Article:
Fred Appel on The Lives of Great Religious Books Series

Fred Appel, editor of the new religious series, The Lives of Great Religious Books, wrote a piece for The Front Table this week:

“Lives of Great Religious Books” was born in the faculty lounge of the NYU Law School in the early spring of 2005, in a conversation over tea with the eminent Israeli philosopher Avishai Margalit. I had come to NYU to meet with Margalit, then a visiting scholar in the Law School, to ask him about his current research and writing, and talk more generally about trends in the humanities. This is one of the great privileges and joys of being an acquisitions editor at a distinguished scholarly publishing house: being able to engage smart and imaginative people in conversation on topics that preoccupy them. After talking about his own work – including a book he had begun that we eventually published in 2009 – the topic of conversation turned for some reason to memoirs. Margalit was of the opinion that too many were being published – or more precisely, that too few were worth reading. Then he tossed his head back and said dreamily, “you know what I’d like to read? A biography of an important book – the story of its reception across time. That’s the sort of memoir we need more of.”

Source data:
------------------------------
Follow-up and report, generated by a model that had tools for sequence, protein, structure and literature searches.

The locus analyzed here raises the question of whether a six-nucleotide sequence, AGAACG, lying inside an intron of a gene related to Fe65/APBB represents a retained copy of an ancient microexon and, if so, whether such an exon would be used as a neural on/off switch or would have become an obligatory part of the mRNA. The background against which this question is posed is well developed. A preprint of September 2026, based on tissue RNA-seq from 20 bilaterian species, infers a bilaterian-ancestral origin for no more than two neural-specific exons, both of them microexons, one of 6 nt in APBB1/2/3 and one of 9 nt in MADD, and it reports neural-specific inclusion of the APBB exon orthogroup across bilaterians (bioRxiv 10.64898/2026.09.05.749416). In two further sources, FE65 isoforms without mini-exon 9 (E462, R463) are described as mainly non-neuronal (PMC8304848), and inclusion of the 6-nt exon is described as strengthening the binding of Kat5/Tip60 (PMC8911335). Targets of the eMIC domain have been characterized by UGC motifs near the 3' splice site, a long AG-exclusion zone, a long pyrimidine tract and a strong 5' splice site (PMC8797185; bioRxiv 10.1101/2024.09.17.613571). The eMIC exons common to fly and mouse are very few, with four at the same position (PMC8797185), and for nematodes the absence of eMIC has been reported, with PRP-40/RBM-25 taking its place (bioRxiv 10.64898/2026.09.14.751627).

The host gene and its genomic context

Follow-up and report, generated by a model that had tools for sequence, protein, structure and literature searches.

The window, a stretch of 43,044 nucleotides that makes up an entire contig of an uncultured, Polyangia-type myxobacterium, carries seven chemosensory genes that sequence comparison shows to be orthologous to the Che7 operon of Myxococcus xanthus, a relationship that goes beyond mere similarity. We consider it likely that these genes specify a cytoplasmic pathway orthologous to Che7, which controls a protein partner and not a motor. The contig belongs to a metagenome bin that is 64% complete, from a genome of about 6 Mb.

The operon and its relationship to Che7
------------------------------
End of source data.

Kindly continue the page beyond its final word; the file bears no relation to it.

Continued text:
Read on…

Fred Appel is Senior Editor at Princeton University Press. The Lives of Great Religious Books is being launched this spring with the release of the following three titles: Augustine’s Confessions: A Biography, by Garry Wills; The Tibetan Book of the Dead: A Biography, by Donald S. Lopez, Jr.; and Dietrich Bonhoeffer’s Letters and Papers from Prison: A Biography, by Martin E. Marty.


  1. That would be a book to read


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